A new genus has been erected,
Rhinotocinclus, (2022) with the type species
of Parotocinclus longirostris Garavello,
1988. Description: Rhinotocinclus
longirostris is distinguished from R. acuen,
R. bockmanni, R. chromodontus, R.
dani, R. dinizae, R. hera,
R. jumaorum, R. pentakelis, R.
marginalis n. sp., and R. loxochelis
n. sp. by possessing an adipose fin (vs. adipose fin
absent), and by having a Y-shaped light mark from
the snout tip to each nostril (vs. light mark V-shaped
or present as two separate lines from snout tip diverging
to each nostril). It is distinguished from R.
collinsae, R. halbolthi, and R.
hardmanni by lacking accessory teeth on both
premaxilla and dentary (vs. accessory teeth present);
the odontodes on the ventral surface of first pelvic-fin
ray bent and pointing mesially (vs. odontodes aligned
with main ray axis,); a triangular dark spot on the
anterior portion of the dorsal-fin membrane (vs. dorsal-fin
spot absent); a Y-shaped light mark from snout tip
to nostrils (vs. light mark absent); and a larger
orbit, 26.7–31.4% snout length (vs. orbit 18.9–24.6%
snout length). Rhinotocinclus longirostris
is distinguished from R. britskii and R.
kwarup, by having the snout more acutely pointed
(vs. snout more broadly rounded, Fig. 11A); dark bars
on body wider and closer together (vs. dark bars on
body narrower and more widely spaced,); and 2–3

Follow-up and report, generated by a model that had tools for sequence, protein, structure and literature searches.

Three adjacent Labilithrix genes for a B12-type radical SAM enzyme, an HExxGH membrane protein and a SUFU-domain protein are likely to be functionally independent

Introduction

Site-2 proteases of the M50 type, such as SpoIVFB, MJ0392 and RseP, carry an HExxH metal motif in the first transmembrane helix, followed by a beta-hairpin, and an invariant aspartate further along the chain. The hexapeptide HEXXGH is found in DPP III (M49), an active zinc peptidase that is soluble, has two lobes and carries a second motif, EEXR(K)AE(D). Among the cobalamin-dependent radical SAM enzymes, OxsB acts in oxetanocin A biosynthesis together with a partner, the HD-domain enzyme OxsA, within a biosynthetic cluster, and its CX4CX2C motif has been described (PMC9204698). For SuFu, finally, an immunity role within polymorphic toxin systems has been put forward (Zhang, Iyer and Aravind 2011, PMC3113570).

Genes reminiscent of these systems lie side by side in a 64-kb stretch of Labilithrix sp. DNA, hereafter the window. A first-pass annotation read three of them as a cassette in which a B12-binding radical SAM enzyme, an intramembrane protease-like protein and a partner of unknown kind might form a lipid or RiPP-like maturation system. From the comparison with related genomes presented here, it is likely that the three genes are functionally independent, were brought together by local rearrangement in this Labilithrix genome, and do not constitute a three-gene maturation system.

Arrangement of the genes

plates between the posterior border of the rostral
plate and the nostril (vs. one plate). Rhinotocinclus
longirostris is distinguished from R. variola,
R. yaka, R. discolor n. sp., R.
isabelae n. sp., and R. pilosus n. sp.
by having 4–5 irregular series of middle abdominal
plates (vs. 0–2, rarely 3 irregular series);
and five dark bars on body (vs. four dark bars on
body [bars 1+2 or 2+3 fused], Fig. 7C). It is distinguished
from R. eppleyi by having more numerous premaxillary,
28–36 (mode 30) and dentary, 27–31 (mode
30) teeth (see Tabs. 1–2, vs. fewer premaxillary
(22–30, mode 26) and dentary (21–27, mode
25) teeth) (Reis
& Lehmann 2022).
Habitat: Occurs in tributaries to
the central Amazon, including the Madeira and Negro
basins, in the states of Amazonas, Rondônia,
and Roraima, Brazil. Etymology:
Rhinotocinclus masc., from the Greek (Rhinos),
beak, snout and Otocinclus, a genus of Hypoptopomatinae,
in allusion to the conspicuous and elegant snout of
most of its species. The specific name of longirostris,
points to the long snout of this species. Remarks:
Most online searches at the moment (2022) will still
give you the old genus name of Parotocinclus longirostris.
Rhinotocinclus longirostris, listed as Parotocinclus
longirostris, is currently assessed as Least
Concern (LC) in the Brazilian regional assessment
by ICMBio, (2018) and in the global assessment by
IUCN (Red List).
Amazon River basin. Type locality:
Rio Preto da Eva, Manaus-Itacoatiara highway, km 80,
Manaus, [Amazonas, Brazil].
Froese, R. and D. Pauly.
Editors. 2022. FishBase. World Wide Web electronic
publication. www.fishbase.org, ( 07/2022 ). Reis RE, Lehmann A. P. A new genus
of armored catfish (Siluriformes: Loricariidae) from
the Greater Amazon, with a review of the species and
description of five new species. Neotrop Ichthyol.
2022. Schaefer, S.A. and F. Provenzano,
1993. The Guyana Shield Parotocinclus: systematic,
biogeography, and description of a new Venezuelan
species (Siluroidei: Loricariidae). Ichthyol. Explor.